My guest today is Eric Barker, author of "Barking Up the Wrong Tree."
We all know those collective maxims on success: nice guys finish last; it’s not what you know, it’s who you know; winners never quit.
We’ve heard them so often that we accept them as articles of faith.
But are they really true?
My guest today says, yes…and no.
His name is Eric Barker and he’s the author of one of the few blogs I regularly read: Barking Up the Wrong Tree. There, he takes a look at what actual research says about these tried-and-true maxims of success and provides a nuanced, often counterintuitive look at them. He’s recently taken some of his best writing from 8 years at the blog, expanded on it, and turned it into a book by the same name.
Today on the show, Eric and I discuss why most of the ideas we have about success are wrong and what we can do to be better advice sleuths. Eric shares research that shows why high school valedictorians are less likely to become millionaires or influential leaders, and what that teaches us on the importance of knowing ourselves. He then breaks down the idea that nice guys always finish last, and how it’s both true and false at the same time. We then discuss why grit can sometimes be overrated and why winners in fact always quit. We end our conversation discussing why being a glad-handing extrovert can both garner success and sew the seeds of failure, and how the idea of work/life balance is making people more miserable than ever, as well as what you can do about it.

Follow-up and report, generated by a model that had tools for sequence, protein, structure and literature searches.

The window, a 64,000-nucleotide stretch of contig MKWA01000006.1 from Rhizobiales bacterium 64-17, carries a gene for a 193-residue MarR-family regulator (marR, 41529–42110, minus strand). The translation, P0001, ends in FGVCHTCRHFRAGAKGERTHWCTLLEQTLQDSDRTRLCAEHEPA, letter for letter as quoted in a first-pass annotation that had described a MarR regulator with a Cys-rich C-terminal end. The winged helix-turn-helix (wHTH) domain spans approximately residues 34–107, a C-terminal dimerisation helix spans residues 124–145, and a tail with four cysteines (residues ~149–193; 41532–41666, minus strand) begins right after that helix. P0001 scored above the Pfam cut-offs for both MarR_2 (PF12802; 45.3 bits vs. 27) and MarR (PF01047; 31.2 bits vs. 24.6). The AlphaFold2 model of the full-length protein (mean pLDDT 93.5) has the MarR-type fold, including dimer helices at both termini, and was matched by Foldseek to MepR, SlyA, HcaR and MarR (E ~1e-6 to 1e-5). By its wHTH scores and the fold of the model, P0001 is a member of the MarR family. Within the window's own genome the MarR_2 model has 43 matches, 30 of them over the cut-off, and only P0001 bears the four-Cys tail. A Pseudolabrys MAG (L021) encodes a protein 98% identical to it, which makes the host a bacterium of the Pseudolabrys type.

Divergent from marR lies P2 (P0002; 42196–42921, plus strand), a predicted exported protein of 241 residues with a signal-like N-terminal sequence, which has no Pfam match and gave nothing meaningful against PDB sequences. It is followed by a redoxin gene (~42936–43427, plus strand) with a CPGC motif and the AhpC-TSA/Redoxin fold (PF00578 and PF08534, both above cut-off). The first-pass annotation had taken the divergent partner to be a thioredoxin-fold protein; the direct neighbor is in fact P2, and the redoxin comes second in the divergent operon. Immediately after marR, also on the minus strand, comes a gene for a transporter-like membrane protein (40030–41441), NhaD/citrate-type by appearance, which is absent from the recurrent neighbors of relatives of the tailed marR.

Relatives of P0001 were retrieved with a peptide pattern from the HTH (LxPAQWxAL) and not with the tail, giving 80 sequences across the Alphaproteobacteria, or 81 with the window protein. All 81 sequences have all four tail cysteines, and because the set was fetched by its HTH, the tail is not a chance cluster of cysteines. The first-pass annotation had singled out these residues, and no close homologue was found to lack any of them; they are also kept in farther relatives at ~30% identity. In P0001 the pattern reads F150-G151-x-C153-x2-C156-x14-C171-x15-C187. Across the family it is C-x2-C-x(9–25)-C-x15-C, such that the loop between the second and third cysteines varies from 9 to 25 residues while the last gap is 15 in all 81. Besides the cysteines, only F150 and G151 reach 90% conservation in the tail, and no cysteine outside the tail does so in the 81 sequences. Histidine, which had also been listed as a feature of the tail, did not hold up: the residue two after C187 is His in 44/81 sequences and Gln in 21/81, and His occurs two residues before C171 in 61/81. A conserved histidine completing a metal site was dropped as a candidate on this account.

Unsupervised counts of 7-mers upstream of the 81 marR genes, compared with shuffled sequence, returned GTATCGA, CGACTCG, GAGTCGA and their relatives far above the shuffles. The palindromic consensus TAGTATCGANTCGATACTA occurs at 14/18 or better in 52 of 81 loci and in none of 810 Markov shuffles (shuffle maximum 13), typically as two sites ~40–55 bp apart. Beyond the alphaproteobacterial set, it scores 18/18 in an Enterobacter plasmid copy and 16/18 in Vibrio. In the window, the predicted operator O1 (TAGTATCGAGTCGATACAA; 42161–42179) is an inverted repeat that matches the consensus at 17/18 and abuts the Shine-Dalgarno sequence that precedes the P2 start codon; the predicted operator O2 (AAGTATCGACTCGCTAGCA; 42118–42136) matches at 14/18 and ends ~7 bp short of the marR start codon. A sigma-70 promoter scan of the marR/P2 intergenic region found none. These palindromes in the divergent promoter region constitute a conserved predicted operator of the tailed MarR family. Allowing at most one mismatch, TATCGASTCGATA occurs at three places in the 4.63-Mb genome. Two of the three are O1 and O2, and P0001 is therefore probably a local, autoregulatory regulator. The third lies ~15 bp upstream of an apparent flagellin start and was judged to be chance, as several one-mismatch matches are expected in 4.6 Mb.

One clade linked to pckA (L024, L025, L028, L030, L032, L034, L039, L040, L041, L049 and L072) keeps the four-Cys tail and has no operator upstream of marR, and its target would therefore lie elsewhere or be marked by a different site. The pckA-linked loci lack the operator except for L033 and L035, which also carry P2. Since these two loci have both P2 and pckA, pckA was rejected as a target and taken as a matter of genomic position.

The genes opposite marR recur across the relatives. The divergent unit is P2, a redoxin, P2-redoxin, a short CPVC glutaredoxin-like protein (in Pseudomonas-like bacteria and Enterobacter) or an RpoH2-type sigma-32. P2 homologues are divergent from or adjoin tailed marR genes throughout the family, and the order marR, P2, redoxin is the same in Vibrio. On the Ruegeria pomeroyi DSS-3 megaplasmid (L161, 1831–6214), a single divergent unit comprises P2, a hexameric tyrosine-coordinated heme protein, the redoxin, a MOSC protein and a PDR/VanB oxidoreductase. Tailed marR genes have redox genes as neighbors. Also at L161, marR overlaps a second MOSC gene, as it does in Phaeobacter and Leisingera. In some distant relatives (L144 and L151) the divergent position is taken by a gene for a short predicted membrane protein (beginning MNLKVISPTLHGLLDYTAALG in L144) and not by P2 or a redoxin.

Lots of fascinating tidbits in this show that you can implement right away to improve your life. Plenty of great cocktail party fodder as well.